At 86, Bradbury Launches New Projects

Ray Bradbury headshot, author, photo
Author Ray Bradbury has turned 86 and still has his eye on the stars — both celestial and earthbound.

The author of such science fiction and fantasy classics as "The Martian Chronicles" and "Something Wicked This Way Comes" said he believes that humans will return to the moon, then go to Mars and eventually to other worlds.

"Our future is wonderful," he told Patt Morrison in an interview on KPCC, a Pasadena-based public radio station.

Bradbury also said he is working on a screenplay for a new movie version of "Chronicles" that he hopes will start shooting within two years. A 1980 TV miniseries version starred the late Rock Hudson.

Bradbury also said he hopes shooting will start within 18 months on a new version of "Fahrenheit 451," which was optioned years ago by Mel Gibson. Bradbury's novel about a futuristic fireman whose job is to burn books was made into a 1966 film directed by Francois Truffaut.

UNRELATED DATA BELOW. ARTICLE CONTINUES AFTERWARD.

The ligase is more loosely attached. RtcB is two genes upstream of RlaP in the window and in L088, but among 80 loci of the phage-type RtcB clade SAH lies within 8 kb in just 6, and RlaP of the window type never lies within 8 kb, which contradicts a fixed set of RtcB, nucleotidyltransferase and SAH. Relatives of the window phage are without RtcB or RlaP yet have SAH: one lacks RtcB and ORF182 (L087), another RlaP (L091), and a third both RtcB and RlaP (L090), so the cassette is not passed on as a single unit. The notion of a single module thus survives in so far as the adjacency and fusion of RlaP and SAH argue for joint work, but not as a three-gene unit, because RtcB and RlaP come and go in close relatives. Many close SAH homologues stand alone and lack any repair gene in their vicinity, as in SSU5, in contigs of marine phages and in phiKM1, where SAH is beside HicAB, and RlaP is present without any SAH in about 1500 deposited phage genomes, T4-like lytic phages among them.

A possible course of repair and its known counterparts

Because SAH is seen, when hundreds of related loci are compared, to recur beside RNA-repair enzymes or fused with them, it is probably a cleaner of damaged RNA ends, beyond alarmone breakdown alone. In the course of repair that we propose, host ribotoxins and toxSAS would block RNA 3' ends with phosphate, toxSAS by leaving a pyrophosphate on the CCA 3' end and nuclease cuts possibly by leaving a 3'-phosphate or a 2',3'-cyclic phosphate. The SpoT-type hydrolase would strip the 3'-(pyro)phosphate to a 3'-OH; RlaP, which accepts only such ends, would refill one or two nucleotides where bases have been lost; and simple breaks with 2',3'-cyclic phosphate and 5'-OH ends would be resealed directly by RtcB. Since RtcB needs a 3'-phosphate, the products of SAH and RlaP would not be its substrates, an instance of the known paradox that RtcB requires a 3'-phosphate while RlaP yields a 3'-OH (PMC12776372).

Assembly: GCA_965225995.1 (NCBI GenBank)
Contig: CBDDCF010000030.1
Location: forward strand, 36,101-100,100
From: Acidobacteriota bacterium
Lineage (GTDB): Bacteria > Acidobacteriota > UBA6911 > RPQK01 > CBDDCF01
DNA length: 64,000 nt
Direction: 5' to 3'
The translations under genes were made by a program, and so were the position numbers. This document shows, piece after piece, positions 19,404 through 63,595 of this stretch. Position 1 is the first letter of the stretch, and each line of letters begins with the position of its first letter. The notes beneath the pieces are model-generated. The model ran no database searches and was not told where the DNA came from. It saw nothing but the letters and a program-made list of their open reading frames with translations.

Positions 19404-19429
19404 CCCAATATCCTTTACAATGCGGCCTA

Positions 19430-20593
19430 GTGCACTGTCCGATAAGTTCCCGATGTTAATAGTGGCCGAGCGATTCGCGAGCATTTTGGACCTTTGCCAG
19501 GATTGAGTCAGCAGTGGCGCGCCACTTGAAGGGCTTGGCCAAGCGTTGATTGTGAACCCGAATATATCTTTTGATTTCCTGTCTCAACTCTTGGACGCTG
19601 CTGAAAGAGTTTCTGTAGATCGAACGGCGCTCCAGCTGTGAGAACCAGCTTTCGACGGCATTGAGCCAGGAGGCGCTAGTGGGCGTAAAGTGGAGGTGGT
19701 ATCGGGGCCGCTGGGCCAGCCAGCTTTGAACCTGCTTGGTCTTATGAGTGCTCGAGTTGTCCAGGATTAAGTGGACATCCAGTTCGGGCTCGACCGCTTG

Bradbury sold his first story at 21. He earned $15.

"All of a sudden, I was rich," he said.

"I write hours every single day for the last 70 years. So that's how I'm spending my 86th birthday," he said. "You just keep doing it because it's so great."

Bradbury, born on Aug. 22, 1920, in Waukegan, Ill., is a longtime Los Angeles resident. The author, who doesn't drive, continued his long-standing griping about local traffic and called on the mayor to push mass transit.

"I want to talk to him about getting rid of our freeways, because they're no good. We have to have monorail systems," Bradbury said, adding that he'd be happy to have a station named after him.